• Keep control of your emotions - think first, act later. It's easy to fly off the handle in negative situations and have a knee-jerk reaction - especially when provoked by the other side. When anything negative is placed before you, making you angry or upset, put it down for a while and come back to it later on. Take the time for some deep breaths. Think about whether the issue is worth arguing over. Sometimes responding to your former partner's insults only makes them think they're getting to you and encourages more fighting. Most of the time, it's not worth the response - especially if it isn't over a meaningful matter. Some things are not worth wasting your time and energy fighting about. This is especially if you are trying to co-parent with the other party and don't want the kids exposed to more negativity.

  • Be kind to yourself - take time to re-evaluate your life and think about things. This may be your opportunity to make changes to your life to improve your future and do things you always wanted to do, but couldn't. Whilst you adjust to your new 'normal', stay in touch with family and friends; try to maintain regular sleep and eating routines. Exercise is good for you. Try not to drink too much alcohol - it generally makes you feel worse. Don't be too hard on yourself and don't be afraid to ask for help.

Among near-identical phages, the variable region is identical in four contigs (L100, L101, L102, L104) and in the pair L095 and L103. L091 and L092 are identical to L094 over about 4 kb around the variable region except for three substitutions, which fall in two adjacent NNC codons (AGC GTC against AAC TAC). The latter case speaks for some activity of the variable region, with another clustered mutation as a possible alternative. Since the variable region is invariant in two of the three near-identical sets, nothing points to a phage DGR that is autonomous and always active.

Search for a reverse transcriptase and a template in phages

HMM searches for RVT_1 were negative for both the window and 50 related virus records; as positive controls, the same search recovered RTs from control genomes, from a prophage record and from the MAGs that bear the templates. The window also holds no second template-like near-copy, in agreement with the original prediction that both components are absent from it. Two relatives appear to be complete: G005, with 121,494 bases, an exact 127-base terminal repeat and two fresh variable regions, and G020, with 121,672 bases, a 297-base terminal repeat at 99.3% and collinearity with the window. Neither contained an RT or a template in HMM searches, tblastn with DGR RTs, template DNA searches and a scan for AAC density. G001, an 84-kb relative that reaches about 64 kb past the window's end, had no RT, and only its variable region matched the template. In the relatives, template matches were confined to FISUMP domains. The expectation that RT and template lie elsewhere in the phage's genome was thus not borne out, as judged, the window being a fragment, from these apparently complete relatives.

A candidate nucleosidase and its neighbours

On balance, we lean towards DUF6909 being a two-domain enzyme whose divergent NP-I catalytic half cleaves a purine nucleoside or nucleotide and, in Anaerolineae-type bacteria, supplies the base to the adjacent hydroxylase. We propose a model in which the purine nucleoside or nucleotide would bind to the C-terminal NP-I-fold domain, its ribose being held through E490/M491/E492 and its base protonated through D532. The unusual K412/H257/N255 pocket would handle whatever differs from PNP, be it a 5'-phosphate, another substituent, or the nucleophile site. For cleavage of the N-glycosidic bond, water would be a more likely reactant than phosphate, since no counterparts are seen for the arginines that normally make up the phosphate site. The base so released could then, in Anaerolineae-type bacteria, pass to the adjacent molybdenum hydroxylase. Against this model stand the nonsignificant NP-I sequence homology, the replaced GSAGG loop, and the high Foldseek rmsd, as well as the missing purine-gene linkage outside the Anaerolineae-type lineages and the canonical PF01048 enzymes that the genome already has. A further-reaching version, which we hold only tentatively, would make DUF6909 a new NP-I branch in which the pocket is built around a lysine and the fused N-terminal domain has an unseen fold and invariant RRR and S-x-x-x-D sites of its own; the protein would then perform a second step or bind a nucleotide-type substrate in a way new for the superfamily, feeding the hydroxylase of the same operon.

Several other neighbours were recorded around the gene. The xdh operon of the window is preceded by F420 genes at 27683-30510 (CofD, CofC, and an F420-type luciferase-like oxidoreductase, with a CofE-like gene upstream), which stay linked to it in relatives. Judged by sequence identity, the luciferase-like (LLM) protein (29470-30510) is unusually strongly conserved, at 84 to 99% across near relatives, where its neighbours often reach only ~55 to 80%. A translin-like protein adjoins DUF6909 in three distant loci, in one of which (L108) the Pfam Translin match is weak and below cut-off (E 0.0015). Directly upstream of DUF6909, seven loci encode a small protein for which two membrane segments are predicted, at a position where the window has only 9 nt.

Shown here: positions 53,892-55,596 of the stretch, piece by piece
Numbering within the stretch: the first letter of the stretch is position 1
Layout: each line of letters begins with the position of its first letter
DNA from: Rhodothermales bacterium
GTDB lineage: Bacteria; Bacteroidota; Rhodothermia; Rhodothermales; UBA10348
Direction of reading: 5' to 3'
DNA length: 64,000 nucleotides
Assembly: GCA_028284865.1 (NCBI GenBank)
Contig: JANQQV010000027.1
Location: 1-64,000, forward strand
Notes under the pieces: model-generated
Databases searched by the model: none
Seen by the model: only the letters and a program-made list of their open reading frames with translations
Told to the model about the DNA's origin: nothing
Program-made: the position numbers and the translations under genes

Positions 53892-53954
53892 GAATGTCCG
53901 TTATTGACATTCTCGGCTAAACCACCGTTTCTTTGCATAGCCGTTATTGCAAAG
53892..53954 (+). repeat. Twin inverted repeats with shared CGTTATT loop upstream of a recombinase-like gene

• Try to co-operate and speak respectfully to the ex - although it is extremely difficult at first, try to keep the lines of communication open with your former partner. Trying to amicably negotiate a property settlement or arrangements for the children is worthwhile - as long as it doesn't expose you to the risk of harm, abuse or violence. Try to keep communications civil and polite - they might be frosty, but they shouldn't be abusive, threatening or offensive. Always remember that any communications with your former partner (by email, text message, Facebook or other social media) could be included as evidence in Family Court documents - so keep communications nice!